Guyana: Education: Primary and Secondary Education in Deep Crisis – commentary

Kaieteur News – Oct 17, 2021 Features / Columnists, Peeping Tom

Let us not be fooled by the deservedly happy faces on those high-flyers of the National Grade Six Assessment (NGSA), or what was previously referred to as the Common Entrance Examination.

Those whose names appeared in the newspapers represent the cream of the crop, the top one per cent of the students who sat these examinations. There will be another four per cent which represent the cream of the country’s top performers at that level. They will gain spots to the top schools around the country.

For the remaining 95 per cent however, the results will not be encouraging and these will be relegated to junior secondary schools, most of which do not perform creditably at the ‘O’ Level examinations.       

In short, we are dooming thousands of students to a third rate and fourth rate education because they are not likely in the schools to which they will be assigned to produce the results that would qualify them for work in the job market.

This has to be one of the great worries facing the Minister of Education who by now ought to know the gravity of the crisis facing public education but certainly does not appear to have any answers to those problems. Photo-ops cannot be substitute for the grave crisis in the country’s education system.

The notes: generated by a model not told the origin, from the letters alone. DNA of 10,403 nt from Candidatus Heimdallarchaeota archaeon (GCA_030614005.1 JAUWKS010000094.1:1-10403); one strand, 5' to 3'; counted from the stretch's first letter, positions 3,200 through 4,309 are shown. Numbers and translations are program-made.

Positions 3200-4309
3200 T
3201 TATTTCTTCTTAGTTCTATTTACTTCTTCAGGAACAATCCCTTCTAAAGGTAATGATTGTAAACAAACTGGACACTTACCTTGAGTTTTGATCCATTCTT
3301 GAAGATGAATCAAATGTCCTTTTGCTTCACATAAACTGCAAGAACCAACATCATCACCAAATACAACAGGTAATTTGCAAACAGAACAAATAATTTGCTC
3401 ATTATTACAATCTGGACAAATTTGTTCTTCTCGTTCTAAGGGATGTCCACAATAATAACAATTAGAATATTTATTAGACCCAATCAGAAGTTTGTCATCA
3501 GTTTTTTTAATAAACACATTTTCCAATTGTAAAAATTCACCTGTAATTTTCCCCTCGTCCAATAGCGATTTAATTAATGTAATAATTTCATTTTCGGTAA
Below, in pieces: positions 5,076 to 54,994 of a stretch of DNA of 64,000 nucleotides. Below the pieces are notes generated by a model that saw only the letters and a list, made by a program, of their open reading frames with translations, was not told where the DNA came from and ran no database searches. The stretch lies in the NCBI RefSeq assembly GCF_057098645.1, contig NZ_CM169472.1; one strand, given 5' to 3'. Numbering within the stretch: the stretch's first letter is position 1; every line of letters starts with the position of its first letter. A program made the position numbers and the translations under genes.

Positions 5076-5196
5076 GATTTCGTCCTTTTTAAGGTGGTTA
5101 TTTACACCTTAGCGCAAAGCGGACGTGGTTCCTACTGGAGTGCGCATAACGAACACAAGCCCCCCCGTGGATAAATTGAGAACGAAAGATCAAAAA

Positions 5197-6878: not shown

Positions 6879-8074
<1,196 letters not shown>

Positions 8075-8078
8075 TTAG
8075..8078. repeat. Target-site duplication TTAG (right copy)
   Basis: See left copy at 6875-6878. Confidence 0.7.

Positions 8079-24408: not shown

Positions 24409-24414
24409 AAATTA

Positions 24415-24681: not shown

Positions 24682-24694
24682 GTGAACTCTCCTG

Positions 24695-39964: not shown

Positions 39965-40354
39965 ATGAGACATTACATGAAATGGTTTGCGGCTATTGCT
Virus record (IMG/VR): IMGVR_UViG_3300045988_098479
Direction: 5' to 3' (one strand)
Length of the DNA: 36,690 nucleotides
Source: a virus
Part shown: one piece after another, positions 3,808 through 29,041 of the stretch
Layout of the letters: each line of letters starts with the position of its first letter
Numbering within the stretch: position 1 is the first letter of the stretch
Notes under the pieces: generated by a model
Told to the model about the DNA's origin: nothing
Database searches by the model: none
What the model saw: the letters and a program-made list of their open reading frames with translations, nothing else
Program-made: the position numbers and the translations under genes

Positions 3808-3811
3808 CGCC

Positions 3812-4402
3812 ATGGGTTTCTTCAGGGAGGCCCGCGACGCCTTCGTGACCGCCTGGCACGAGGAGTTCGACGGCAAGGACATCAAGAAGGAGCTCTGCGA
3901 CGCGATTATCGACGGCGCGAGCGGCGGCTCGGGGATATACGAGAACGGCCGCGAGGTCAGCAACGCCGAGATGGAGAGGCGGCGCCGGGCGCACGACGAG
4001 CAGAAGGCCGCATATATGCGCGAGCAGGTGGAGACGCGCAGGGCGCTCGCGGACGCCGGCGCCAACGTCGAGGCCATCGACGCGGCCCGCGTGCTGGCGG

Certainly, the results that were announced this week should cause the government to summon a national emergency of education in Guyana. But this would reflect on the performance of the government and therefore they are more likely to pretend that the performance of the high-flyers is symptomatic of the whole system.

It has already been pointed out that a shocking number of those that sat the Common Entrance Examination failed in the critical subject areas of Mathematics and English. For a country which now needs its best brains to develop its oil industry, this represents an inflection point.

One of the often touted means of addressing poor student performance is to advocate for better supervision of teachers. But this measure results in small improvements with the system continuing to fail the overwhelming majority of students.

There has to be a comprehensive approach to dealing with this problem. I have said before that retiring teachers at age 55 is not the ideal thing to do considering the high turnover and migration rate within the teaching sector.

I have no problems with a 55-year retirement within other areas of the government but I believe that since there is a need for more trained and experienced teachers within the system, since many of our best brains are to be found teaching in the islands of the Caribbean, in Africa and in North America, we need to get back into our schools, especially rural and hinterland schools, the best teachers available whether retired or not.

The Ministry of Education should begin to recruit retired trained graduate teachers and deploy these to the rural and hinterland schools. I am sure that many of these teachers will be willing even if it is on a part-time basis on the existing salary scale to go back and work with the rural schools. This should help to boost standards of teaching within these schools.